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What's the Key to Ending the Math and Science Teacher Shortage?

The real problem isn't recruiting teachers. It's keeping them in the classroom.

President Obama (and his predecessor, President Bush) has addressed the national shortage of math and science teachers several times in various official addresses on education. Both suggested recruiting more STEM (science, technology, engineering and math) teachers—in the tens of thousands per year. However, research shows that we lose almost 30,000 existing STEM teachers annually. We have a problem whose solution is based in retention, not recruitment.

I am a STEM teacher entering my fourth year. Typically this is when a teacher starts to consider leaving the profession; I have on many occasions, but not because of a lack of passion for educating kids. Dealing with low pay, lack of autonomy and student behavior issues are a part of the job—a part that all teachers sign up for—but if the combined toll of those factors is too high a teacher will surely burn out by the end of their fifth year.

A teacher's job satisfaction sits on a very fragile precipice. The rhetoric in any given teacher's lounge gives you the feeling of being in the galley of a sailing ship rather than a professional community. This sense of quasi-indentured service bruises easier than a peach and doesn't recover well. So, how do we go about retaining STEM teachers?

Increase Pay?
This is the most often-touted solution for solving the retention problem. STEM teachers have other options in the private sector, many more that are directly related to their specializations than perhaps any other teacher in a public school. These options, perhaps unsurprisingly, pay more.

Increasing pay has a weak effect on retention because of the naturally altruistic tendencies of teachers. We are gluttons for the service mode of thinking, and while I would love to take home a fatter paycheck, I have to admit that I wouldn't do a better job for more money. I don't relate my pay to my performance. The psychology just doesn't work that way; teachers do their jobs well outside of business hours—for no pay—on a regular basis.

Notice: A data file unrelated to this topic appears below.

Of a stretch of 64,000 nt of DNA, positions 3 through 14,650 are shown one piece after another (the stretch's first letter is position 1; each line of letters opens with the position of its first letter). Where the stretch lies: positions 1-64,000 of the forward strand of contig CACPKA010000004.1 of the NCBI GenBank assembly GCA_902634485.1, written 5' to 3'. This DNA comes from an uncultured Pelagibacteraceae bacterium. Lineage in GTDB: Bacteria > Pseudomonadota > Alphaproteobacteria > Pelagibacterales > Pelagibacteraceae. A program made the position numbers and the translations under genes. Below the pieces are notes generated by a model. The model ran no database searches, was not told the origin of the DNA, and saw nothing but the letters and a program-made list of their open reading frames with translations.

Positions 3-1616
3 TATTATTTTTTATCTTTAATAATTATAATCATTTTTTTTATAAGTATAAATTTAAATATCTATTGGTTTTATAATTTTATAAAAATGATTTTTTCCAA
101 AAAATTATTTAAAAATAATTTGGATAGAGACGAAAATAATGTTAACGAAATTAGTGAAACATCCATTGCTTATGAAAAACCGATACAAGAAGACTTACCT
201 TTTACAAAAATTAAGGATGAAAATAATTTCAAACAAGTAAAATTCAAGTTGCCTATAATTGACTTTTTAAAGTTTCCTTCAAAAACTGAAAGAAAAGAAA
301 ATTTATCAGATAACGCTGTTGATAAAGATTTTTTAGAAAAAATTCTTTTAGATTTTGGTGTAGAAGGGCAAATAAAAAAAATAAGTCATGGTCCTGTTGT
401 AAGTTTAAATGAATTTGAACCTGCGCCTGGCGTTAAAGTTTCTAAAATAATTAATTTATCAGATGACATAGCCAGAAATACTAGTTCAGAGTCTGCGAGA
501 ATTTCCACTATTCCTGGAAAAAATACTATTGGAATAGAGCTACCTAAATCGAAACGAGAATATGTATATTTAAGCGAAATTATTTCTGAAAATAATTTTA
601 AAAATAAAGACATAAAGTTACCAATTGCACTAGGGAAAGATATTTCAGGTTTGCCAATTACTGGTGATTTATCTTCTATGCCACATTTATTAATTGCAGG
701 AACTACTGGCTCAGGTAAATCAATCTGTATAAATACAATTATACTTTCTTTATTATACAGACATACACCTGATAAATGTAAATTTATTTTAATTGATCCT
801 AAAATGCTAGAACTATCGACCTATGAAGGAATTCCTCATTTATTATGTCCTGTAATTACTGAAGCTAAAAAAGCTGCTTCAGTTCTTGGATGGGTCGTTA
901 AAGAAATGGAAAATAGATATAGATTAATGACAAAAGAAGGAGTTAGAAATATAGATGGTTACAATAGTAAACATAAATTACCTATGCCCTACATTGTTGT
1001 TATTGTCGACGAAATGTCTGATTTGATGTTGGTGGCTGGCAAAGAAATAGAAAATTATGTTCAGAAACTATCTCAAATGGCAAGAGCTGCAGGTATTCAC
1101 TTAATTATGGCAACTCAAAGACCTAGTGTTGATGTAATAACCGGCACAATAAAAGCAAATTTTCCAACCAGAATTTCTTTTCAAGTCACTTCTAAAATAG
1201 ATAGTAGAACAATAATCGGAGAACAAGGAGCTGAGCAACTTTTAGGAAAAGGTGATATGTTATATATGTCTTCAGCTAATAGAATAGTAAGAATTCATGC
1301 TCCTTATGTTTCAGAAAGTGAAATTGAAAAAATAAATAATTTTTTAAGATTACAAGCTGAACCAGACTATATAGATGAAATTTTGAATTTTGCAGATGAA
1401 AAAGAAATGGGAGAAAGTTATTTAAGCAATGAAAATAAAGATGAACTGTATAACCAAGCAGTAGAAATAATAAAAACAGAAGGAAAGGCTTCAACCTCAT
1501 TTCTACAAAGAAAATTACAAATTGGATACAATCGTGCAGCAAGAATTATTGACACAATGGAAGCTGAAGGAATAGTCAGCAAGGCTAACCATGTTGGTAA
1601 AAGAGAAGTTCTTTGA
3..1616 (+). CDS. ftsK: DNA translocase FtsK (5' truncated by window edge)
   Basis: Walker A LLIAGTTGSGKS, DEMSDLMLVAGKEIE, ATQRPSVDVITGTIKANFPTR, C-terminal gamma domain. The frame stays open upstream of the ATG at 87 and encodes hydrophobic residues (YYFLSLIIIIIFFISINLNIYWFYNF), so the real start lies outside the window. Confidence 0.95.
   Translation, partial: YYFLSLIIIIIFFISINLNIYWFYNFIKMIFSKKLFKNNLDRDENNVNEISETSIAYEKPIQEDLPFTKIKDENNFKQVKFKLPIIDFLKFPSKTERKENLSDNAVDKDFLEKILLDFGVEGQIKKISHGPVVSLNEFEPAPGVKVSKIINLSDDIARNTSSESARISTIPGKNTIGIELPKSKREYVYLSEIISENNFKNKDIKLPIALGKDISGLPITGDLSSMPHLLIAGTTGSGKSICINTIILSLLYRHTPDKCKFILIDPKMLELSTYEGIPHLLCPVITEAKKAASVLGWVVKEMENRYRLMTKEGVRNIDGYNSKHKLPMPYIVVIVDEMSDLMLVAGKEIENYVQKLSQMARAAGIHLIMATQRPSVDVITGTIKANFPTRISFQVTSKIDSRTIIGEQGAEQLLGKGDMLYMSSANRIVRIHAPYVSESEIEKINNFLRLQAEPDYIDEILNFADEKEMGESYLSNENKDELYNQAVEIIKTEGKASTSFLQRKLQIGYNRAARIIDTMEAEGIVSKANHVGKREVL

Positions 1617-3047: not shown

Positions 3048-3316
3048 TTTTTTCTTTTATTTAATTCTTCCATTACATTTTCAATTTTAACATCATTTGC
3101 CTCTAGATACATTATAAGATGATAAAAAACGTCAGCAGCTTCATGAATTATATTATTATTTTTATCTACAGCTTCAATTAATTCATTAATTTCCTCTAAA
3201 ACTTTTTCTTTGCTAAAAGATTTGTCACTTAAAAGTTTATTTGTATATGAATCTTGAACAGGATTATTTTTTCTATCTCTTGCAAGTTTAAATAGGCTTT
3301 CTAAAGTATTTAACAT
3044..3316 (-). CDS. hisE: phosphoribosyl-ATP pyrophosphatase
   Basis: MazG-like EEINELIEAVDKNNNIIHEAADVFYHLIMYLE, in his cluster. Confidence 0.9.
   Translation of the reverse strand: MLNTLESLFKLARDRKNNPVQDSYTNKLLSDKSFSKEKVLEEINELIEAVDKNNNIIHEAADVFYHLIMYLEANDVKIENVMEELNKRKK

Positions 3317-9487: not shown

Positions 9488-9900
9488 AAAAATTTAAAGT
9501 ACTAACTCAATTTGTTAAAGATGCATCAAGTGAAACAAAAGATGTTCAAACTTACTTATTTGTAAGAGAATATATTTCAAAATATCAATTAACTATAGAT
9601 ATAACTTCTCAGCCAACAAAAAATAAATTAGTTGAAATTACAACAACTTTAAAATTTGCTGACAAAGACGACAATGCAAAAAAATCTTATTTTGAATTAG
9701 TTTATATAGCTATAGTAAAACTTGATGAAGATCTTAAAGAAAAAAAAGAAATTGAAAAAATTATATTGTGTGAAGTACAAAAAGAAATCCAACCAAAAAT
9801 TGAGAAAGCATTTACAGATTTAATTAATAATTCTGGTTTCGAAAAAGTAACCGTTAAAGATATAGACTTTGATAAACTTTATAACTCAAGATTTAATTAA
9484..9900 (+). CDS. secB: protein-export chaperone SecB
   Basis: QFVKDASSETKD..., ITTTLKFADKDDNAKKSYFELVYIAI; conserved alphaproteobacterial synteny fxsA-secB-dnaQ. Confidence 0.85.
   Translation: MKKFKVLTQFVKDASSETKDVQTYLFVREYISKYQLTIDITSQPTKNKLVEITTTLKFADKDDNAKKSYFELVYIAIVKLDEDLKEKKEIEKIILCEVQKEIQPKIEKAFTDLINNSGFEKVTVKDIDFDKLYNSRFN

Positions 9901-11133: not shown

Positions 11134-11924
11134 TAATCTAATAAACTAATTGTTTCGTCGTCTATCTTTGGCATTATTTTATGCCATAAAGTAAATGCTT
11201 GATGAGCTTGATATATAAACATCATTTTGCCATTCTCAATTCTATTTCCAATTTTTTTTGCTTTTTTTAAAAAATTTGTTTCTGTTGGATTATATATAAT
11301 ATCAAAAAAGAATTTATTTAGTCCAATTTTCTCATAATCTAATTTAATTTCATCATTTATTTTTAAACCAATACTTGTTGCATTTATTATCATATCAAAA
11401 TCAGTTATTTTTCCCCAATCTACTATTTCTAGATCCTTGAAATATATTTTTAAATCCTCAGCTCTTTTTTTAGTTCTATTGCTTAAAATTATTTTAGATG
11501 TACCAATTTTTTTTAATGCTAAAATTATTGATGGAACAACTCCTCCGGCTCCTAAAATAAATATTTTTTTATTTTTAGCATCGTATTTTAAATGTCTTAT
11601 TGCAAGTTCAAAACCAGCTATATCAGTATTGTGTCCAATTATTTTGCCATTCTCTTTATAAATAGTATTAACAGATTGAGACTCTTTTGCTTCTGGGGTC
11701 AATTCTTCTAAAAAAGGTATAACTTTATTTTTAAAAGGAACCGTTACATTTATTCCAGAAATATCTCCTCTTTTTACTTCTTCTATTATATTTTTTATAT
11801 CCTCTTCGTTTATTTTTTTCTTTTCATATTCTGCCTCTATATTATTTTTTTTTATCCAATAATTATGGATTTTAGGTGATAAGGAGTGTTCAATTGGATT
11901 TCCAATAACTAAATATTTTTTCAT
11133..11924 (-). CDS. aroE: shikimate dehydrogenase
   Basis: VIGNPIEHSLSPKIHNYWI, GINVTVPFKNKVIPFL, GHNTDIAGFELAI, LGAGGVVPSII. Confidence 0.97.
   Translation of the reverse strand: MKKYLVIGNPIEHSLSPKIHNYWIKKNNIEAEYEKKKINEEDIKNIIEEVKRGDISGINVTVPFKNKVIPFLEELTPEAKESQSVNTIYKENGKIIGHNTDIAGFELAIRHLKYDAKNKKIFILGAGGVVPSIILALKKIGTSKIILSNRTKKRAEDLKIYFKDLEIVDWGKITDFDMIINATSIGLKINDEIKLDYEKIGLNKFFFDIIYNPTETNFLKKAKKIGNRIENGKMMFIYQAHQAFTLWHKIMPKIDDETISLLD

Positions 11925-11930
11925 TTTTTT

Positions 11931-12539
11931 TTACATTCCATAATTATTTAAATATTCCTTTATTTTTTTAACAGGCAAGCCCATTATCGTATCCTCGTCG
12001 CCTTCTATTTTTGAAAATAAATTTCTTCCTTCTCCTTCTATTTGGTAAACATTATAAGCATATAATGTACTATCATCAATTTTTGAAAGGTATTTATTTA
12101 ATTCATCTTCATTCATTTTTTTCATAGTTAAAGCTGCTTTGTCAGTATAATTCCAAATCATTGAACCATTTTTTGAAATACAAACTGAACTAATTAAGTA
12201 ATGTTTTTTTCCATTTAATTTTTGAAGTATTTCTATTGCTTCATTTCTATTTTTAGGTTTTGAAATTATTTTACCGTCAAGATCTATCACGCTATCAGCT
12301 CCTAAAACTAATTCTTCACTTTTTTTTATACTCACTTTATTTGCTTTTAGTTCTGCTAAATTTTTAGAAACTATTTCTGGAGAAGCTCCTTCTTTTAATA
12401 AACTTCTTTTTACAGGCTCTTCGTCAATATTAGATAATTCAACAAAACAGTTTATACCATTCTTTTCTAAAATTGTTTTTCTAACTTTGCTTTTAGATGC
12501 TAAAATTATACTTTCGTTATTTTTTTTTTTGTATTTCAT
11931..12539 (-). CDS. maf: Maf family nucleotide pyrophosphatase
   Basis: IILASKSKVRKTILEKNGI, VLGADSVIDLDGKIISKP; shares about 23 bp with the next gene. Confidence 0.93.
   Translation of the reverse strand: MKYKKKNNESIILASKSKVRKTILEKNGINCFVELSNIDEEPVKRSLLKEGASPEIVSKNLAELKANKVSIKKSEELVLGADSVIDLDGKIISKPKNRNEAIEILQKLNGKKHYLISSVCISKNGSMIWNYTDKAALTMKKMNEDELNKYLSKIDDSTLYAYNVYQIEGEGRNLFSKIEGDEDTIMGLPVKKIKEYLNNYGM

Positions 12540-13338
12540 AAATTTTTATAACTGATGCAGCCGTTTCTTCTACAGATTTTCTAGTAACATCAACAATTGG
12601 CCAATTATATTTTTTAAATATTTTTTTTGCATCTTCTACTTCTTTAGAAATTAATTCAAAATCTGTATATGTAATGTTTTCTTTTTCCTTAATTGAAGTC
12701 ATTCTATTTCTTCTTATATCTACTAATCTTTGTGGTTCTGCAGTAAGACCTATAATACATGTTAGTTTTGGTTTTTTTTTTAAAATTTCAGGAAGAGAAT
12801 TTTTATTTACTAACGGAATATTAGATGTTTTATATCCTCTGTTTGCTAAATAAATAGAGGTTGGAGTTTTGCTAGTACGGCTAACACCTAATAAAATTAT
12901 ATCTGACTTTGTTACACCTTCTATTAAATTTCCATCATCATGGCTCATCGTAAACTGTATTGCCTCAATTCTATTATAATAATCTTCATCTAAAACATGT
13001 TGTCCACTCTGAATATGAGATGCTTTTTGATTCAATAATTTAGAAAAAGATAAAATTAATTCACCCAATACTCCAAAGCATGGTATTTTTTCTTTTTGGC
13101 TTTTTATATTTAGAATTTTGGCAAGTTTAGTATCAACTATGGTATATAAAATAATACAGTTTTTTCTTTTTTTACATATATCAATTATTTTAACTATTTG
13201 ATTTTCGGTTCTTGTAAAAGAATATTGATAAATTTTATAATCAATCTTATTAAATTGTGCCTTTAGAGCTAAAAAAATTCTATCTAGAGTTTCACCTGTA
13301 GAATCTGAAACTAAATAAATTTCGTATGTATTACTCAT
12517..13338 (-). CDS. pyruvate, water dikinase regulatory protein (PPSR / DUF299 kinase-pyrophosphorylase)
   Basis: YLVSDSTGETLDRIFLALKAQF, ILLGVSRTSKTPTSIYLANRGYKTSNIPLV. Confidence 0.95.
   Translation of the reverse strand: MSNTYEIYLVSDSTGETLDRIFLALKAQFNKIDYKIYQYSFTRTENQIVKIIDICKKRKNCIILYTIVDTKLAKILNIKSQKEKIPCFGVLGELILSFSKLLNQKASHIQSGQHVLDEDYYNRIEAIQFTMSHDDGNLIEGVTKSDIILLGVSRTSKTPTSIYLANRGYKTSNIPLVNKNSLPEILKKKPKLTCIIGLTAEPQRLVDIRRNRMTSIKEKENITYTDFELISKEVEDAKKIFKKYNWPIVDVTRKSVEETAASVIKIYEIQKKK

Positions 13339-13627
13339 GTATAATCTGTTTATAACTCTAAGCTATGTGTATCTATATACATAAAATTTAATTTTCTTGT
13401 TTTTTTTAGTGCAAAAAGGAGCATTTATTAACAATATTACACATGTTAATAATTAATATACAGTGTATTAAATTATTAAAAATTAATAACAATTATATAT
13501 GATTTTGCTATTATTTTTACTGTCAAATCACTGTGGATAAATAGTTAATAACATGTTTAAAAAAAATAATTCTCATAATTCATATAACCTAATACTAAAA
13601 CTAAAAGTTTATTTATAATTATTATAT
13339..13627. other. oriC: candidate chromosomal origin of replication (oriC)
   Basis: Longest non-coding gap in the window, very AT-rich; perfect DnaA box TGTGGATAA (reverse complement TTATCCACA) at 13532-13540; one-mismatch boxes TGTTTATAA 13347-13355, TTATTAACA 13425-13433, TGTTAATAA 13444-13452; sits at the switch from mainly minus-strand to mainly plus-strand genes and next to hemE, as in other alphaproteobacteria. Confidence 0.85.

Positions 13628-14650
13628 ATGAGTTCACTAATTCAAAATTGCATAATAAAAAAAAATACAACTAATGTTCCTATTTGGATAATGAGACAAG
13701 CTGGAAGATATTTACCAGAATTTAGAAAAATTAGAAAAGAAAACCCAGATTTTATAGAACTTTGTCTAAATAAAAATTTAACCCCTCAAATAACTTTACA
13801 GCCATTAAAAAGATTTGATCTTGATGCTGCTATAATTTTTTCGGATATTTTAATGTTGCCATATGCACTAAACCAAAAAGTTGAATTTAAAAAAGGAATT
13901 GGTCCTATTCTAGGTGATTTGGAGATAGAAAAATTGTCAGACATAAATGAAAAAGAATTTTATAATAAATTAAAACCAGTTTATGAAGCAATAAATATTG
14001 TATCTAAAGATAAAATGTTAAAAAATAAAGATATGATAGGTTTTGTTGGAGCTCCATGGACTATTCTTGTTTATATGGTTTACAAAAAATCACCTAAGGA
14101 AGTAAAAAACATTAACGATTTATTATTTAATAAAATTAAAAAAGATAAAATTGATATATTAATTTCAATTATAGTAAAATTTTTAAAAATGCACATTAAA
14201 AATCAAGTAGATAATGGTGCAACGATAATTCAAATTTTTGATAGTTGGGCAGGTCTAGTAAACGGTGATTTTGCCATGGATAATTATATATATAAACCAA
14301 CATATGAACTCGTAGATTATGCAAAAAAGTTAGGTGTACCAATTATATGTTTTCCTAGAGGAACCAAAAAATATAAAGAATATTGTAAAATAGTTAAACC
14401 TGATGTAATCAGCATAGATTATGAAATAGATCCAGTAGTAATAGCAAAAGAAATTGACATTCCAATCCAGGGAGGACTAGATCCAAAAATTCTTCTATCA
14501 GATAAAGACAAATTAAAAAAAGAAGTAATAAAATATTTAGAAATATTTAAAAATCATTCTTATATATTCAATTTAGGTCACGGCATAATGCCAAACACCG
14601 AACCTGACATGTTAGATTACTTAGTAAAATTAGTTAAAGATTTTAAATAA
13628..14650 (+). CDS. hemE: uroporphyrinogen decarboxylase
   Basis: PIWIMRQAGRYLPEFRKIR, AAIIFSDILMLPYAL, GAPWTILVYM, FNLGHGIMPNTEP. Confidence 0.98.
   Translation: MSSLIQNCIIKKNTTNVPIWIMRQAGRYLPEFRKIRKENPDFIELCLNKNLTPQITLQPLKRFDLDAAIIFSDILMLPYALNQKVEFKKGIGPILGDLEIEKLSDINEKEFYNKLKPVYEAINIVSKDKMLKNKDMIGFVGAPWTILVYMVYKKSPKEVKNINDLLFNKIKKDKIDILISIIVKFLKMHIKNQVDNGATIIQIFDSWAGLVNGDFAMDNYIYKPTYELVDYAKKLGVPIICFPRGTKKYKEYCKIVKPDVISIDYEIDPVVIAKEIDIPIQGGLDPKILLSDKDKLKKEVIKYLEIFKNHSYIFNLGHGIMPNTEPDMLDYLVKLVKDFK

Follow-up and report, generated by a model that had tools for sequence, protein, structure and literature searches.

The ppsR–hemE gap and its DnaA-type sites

However a recent study out of Penn State has concluded that it is not initial pay, but the salary schedule cap that indicates whether a teacher will stay when they're thinking about money. So, perhaps our altruism manages to recognize a low ceiling when it sees one and bows out after a few years.

Better Working Conditions
What teachers seem to be thinking about even more than cash are their working conditions. Imagine you're asked to do the nearly impossible job of teaching everyone you meet to play a Dizzy Gillespie trumpet solo, even those without lips. At first you'd balk, but, believing in your charge, you carry on. Then the real challenge drops: You're going to get one trumpet, no recording equipment, 15 sheets of staff paper each year, and professional training from your administrators on how to teach saxophone.

The same researchers out of Penn State found that this is exactly what causes STEM teachers to close up shop and jump to the private sector. When asked to educate every American child, a teacher can't stand to enter their own classroom when they know the system is set up to make that task even more difficult. They’d rather quit than face that daily.

We need good science and math teachers, and we need them to be relaxed, inventive and supported. The solution is not to blindly throw money at the problem. Instead, increased funding needs to be used to create an environment that allows STEM teachers to feel like they can actually succeed at the herculean task of teaching all of their students to be mathematically and scientifically literate.

That environment has a well-funded equipment closet with a budget for repairs and updates.

That environment has professional development designed for STEM teachers that increases knowledge of how to deal with student misconceptions, new technology, and the latest research.

That environment has a cogent administration dedicated not to dealing with students only when problems arise, but instead, focused on creating a student body of thoughtful citizens.

Without autonomy, teachers don’t have the ability to make decisions that are best for student learning. Instead of being leaders on campus, they’re relegated to merely implementing others' ideas—ideas which, because of their experience, teachers often know don’t work.

If President Obama—or Bush, now that he has some time on his hands—would really like to keep the United States competitive, he can focus on creating an environment that retains those altruistic, creative STEM teachers that graduated from college with other options before they go the way of the Space Shuttle.

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